“Acceptance.” Mei reflected, trying it on for size. As if none of us were there, she talked to herself. “Me—worried. Ha! Well I’m not the bold girl I pretend to be.” Mei winced and she shared her thought, “Ay! I give my mother a hard time for worrying too much. I was hoping the apple would fall farther from the tree.”
“You see some consequences in the way your mother worries?”
“Yes, I think her worry gets in the way of her life.”
“And you don’t want worry to get in the way of your life?” As Mei nodded Jessica added, “I’m going to flip that around from what you don’t want to guessing what you do want. Do you want to be making conscious choices about how you handle your worry?”
“Exactly!” Mei continued, “Poor Amir. I let him know I was unhappy about him going. But he didn’t know the real reason. So we got into this confusing argument.”
Jessica nodded. “Yes, how can our partners know the real reason we are upset unless we know it? That’s why we put so much attention on finding out what our inner jackal is saying. It’s hard to find it if we’re embarrassed about what we might find.”
Mei smiled. “Yeah. I felt embarrassed.”
Jessica smiled warmly. “Thanks for that.”
Jessica asked if others wanted to share their list of inner jackals.
Angela read from her list, “I’m too angry, irritable, nagging, controlling. I’m just a bitch.”
“Ouch!” Jessica grimaced. “See how we talk to ourselves? Let’s see if we can help Angela find some compassion for herself. Can someone make an empathetic guess about what Angela is feeling and needing?”
There was a pause. Jessica filled the silence. “Let’s start with guessing a feeling. Can we guess at a specific emotion that Angela might be feeling?”
Mei guessed in a tentative voice, “Shame?”
Before Angela could reply, Jessica responded, “That’s the emotion that I feel when I’m saying those kinds of words to myself. But it might be tricky to ask someone, ‘Are you feeling ashamed?’ The person might feel ashamed of admitting that they feel shame. That’s being in the jackal hall of mirrors. We used the word embarrassed a moment ago. That may be a little easier on the ego than ashamed.”
Doris tried, “Do you feel discouraged about yourself?”
Jessica asked Doris, “Would you continue guessing at what Angela wants?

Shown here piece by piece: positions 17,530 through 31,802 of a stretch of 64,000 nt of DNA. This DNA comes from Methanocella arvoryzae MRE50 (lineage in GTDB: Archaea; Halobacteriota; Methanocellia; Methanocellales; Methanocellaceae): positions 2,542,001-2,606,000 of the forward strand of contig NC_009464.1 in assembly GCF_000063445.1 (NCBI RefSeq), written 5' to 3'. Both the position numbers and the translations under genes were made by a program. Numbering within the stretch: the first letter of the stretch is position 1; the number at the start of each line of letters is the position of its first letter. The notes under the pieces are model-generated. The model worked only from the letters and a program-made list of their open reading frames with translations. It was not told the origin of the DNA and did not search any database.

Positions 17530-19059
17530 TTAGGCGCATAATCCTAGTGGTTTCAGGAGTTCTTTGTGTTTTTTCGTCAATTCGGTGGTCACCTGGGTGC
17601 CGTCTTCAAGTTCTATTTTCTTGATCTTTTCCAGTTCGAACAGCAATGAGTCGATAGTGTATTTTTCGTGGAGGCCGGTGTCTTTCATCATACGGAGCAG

Doris continued, “Do you want to react without anger?”
Angela responded, “I’ve tried to be nicer and it doesn’t work with Dave. I tell him what needs to be done around the house. He doesn’t respond unless I get angry with him.”
Jessica addressed the group, “I’m guessing a lot of us in the group may have a similar belief: I won’t get my needs met unless I get angry.”
Mei spoke up, “Show us some other options, Jessica.”
“OK. For starters I’ll share an inner process of self empathy in response to calling myself a bitch.” Jessica closed her eyes. “Feelings…I’m feeling distressed because I can’t get the response I want from my partner. That’s why I yell in order to be heard. I don’t like that feeling. I feel ashamed to see myself being harsh. And I feel discouraged about the relationship. I think, ‘What has happened to us? We used to feel kind and generous towards each other.’ OK, my needs: I want the relationship to feel close and connected. I want to find a way to communicate my needs so that he’ll understand them.”
Angela spoke in a quiet voice, “I don’t know if I can go back to being kind and generous. He’s just failed me too many times.” Looking at her downcast face, I got the feeling that her relationship was on the verge of breaking up. What can you say to someone who feels hopeless?
As if reading my mind, Jessica suggested to the group, “When we experience someone else’s discouragement we can find ourselves feeling discouraged too. If that’s true for you, set the discouragement to one side and stick with guessing feelings, wants, and needs.”
Jessica seemed to have trust in this process, so I decided to trust her. I guessed, “Angela, are you feeling discouraged and you want some reason to feel hopeful?”
Angela tossed her hair back. “I used to think that he would change if I could get him to talk to me. But the harder I try, the more he pulls away. He just gets angry. He doesn’t even want to have sex anymore.”
I tried not to let my startled reaction show. A guy in his 30’s not wanting to have sex sounds serious. I figured he was either having sex outside the marriage or he felt pretty alienated.
Mei asked, “Is he cheating on you?”
Angela shook her head. “I thought about that. But there’s no way. If he’s not at work, he’s at home. I can account for almost every minute of his time.”